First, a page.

Conversely, Lewis notes the viciousness of some Westerners residing in the Middle East:
Time and time again, European and American Jews traveling in Arab countries have observed that, despite the torrent of broadcast and published anti-Semitism, the only face-to-face experience of anti-Semitic hostility that they suffered during their travels was from compatriots, many of whom feel free, in what they imagine to be the more congenial atmosphere of the Arab world, to make anti-Semitic … remarks that they would not make at home.
One symptom of this: The recent Hamas-Israel war prompted anti-Israel hate demonstrations, some violent, on the streets of many Western cities, while—with the exception of territories under Israeli control—the Arab street remained largely calm.
More Zionist than the Israelis
In 2000, the late Edward Said, a vocal anti-Israel critic, complained that Zionist groups in the United States have views "in some way more extreme than even those of the Israeli Likud."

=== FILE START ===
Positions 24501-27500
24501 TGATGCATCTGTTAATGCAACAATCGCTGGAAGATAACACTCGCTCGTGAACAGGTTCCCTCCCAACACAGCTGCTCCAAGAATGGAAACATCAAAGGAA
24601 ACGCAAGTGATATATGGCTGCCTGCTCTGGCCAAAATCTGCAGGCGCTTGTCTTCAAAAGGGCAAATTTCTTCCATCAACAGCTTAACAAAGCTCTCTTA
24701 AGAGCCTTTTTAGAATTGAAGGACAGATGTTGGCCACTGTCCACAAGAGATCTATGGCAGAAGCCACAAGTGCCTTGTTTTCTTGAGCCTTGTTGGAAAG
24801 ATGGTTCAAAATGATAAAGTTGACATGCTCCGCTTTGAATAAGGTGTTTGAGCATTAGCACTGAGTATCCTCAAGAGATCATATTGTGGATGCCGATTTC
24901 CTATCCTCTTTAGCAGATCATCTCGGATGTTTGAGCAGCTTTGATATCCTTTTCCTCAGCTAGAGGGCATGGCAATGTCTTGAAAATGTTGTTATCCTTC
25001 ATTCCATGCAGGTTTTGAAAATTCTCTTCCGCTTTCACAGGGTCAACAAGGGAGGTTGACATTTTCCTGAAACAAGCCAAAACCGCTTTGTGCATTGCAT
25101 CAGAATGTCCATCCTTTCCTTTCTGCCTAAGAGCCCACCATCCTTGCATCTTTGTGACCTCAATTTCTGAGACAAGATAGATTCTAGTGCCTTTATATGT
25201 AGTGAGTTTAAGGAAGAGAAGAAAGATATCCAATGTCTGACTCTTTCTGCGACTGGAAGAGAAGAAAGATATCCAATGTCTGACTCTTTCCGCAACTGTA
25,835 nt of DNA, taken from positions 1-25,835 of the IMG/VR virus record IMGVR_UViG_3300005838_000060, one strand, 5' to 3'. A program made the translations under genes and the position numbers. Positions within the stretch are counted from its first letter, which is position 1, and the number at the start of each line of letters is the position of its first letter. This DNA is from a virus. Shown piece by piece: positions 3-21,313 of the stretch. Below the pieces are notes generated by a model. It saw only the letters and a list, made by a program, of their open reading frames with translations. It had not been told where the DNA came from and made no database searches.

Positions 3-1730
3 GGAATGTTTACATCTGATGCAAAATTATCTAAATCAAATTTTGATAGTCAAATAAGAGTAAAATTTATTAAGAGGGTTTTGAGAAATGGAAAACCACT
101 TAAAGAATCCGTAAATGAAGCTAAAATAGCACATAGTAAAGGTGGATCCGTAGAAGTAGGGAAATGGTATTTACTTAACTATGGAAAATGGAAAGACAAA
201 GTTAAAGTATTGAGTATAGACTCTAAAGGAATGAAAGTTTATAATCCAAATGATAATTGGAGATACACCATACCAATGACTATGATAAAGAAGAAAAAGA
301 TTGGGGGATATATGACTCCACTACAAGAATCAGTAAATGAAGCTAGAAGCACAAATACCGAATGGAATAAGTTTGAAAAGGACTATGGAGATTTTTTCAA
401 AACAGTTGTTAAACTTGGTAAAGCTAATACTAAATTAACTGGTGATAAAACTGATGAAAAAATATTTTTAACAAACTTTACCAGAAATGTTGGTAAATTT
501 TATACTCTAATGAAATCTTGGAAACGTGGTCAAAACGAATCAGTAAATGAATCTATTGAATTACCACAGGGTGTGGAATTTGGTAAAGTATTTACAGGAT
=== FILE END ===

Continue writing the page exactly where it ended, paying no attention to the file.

Similarly, American supporters of Israel tend to stake out more ardently Zionist positions than do Israelis. In 1978, Richard Nixon complained that "the problem with the Israelis in Israel was not nearly as difficult as the Jewish community here." In 1990, Israeli journalist Yossi Melman was surprised to find a Jewish audience in Texas taking a harder line against the Palestinians than he did himself; he responded with alarm when one young man asserted, referring to a fracas with the Israeli police that left nineteen Palestinians dead, "I do not feel sorry for those Palestinians who were killed. The Israeli police should have shot a thousand of them," and no one in the audience took issue with him.